Why is “blowing the whistle” about corruption so important? Any time companies, employees or supervisors engage in illegal activity, it harms the economy. This is just as true in the Detroit region of Michigan as it is in New York City. Unfortunately, there is a stigma attached to whistleblowers that may make other people afraid to come forward. The risk of retaliation in the workplace is also a deterring factor for would-be whistleblowers.
Below are three myths associated with blowing the whistle as well as information to debunk the myths. Hopefully, more people will come forward to report corruption after learning how blowing the whistle really works.
Myth: Whistleblowers only want revenge.
Fact: A survey conducted by the Ethics Resource Center revealed that nearly 100 percent of whistleblowers reported illegal activity because they felt it was the right thing to do.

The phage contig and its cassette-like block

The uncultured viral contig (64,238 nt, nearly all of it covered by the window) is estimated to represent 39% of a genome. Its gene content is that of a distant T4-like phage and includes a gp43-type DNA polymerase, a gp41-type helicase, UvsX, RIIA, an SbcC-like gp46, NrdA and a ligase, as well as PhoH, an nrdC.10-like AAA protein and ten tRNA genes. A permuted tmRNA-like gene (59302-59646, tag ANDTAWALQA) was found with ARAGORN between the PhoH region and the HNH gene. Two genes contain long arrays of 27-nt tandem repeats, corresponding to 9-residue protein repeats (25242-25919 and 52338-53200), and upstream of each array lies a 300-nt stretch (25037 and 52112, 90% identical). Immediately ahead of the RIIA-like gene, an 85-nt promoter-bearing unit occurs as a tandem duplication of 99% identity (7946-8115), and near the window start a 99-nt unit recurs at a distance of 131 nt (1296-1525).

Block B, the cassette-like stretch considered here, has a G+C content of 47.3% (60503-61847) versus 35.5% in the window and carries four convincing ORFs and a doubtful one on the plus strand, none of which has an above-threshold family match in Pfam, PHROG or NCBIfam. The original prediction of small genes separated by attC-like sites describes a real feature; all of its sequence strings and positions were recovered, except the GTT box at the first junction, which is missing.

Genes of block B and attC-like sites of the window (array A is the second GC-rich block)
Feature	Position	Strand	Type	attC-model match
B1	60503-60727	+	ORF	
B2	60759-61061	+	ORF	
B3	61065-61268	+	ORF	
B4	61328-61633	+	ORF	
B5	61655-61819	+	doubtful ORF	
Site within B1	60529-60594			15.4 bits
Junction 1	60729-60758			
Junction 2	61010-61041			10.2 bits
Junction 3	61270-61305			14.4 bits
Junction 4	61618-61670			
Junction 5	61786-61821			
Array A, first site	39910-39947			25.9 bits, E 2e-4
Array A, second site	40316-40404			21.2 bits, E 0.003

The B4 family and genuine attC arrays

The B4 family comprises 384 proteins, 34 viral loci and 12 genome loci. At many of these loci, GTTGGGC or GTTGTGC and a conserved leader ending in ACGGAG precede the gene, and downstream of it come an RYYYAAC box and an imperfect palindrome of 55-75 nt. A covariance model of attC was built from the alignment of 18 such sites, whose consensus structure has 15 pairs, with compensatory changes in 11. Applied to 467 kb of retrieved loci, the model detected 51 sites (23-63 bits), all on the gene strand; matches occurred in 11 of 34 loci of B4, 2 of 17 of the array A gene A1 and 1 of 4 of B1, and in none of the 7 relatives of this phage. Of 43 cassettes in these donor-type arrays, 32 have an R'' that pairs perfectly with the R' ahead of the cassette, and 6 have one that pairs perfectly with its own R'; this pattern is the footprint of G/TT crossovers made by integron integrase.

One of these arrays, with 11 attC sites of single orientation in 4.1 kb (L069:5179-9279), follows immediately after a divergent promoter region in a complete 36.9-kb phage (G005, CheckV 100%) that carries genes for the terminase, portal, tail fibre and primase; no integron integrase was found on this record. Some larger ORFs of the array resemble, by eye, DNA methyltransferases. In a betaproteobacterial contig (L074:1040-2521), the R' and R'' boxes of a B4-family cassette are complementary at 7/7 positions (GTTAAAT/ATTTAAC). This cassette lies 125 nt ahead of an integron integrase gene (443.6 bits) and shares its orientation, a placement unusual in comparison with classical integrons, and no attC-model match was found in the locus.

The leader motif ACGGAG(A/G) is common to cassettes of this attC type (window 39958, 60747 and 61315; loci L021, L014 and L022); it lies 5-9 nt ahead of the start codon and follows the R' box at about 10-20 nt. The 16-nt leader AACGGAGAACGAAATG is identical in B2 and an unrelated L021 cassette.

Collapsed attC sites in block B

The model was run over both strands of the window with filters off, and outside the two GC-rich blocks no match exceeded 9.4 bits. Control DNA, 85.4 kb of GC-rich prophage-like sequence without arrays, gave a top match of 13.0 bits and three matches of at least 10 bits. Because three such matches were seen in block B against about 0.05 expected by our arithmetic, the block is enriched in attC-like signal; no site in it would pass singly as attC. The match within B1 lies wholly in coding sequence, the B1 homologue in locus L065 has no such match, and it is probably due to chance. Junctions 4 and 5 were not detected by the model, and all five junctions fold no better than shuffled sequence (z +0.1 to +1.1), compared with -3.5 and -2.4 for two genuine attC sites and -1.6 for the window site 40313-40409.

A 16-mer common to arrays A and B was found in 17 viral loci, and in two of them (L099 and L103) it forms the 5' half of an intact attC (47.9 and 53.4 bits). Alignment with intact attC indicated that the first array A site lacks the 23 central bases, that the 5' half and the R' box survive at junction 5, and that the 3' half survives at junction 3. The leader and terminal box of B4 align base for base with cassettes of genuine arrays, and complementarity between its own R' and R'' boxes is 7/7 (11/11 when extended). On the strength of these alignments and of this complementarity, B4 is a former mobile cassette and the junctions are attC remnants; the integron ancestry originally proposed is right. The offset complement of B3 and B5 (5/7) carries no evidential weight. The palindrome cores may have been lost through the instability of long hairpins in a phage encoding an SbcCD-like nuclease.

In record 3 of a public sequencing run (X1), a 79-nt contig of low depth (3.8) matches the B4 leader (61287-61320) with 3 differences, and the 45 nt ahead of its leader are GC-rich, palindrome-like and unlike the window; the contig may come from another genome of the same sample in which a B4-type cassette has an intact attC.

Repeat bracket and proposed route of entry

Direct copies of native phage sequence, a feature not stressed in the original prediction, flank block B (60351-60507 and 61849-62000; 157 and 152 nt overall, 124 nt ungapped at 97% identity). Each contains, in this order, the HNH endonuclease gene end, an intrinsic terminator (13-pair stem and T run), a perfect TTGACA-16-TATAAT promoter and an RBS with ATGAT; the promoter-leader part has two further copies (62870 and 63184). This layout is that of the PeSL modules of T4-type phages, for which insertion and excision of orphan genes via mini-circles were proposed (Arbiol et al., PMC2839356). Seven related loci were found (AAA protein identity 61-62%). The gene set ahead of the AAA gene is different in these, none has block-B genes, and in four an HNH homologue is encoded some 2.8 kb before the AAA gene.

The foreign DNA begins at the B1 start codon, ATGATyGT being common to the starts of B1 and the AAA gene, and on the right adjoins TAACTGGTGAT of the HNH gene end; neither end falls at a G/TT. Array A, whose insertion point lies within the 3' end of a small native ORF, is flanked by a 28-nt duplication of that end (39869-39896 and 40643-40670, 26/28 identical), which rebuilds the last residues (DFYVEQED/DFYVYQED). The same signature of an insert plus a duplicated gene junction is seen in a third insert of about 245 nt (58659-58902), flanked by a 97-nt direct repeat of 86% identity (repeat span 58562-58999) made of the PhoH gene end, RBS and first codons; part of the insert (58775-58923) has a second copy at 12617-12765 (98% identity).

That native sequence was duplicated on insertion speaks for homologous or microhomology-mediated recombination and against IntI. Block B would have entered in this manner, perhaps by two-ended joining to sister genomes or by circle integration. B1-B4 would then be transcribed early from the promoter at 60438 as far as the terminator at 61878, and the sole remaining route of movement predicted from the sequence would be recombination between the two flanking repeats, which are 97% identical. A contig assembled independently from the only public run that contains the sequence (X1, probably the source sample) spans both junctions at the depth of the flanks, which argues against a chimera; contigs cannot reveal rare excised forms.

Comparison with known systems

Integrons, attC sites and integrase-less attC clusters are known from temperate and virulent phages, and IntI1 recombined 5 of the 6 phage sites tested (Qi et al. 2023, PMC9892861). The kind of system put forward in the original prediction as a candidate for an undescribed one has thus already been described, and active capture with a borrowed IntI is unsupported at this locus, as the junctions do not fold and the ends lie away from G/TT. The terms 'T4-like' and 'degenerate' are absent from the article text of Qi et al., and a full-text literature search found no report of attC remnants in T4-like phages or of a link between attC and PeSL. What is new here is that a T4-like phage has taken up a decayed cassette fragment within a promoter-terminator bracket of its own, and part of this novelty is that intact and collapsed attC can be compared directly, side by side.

Myth: Whistleblowers are only interested in collecting a reward.
Fact: Data shows that most whistleblowers choose to take action within the company, which means no reward. Further, many whistleblowers only went on to report outside of the company if no internal remedy was enforced.
Myth: Whistleblowers are a threat to the economy.
Fact: Those who blow the whistle are actually performing a valuable public service in the interest of honesty and fair business practices.
You should also know that the government is committed to protecting whistleblowers from retaliation, wrongful termination and other unlawful actions. Starting a whistleblower claim is a scary prospect, but with the right attorney on your side, you can choose to report unethical activities without fear of revenge. Speak with an attorney if you would like to learn more about retaliation or whistleblower claims.
Source: AIS Health, “Five Myths About Whistleblowers That ‘Undermine’ Compliance,” Nina Youngstrom, accessed Feb. 17, 2017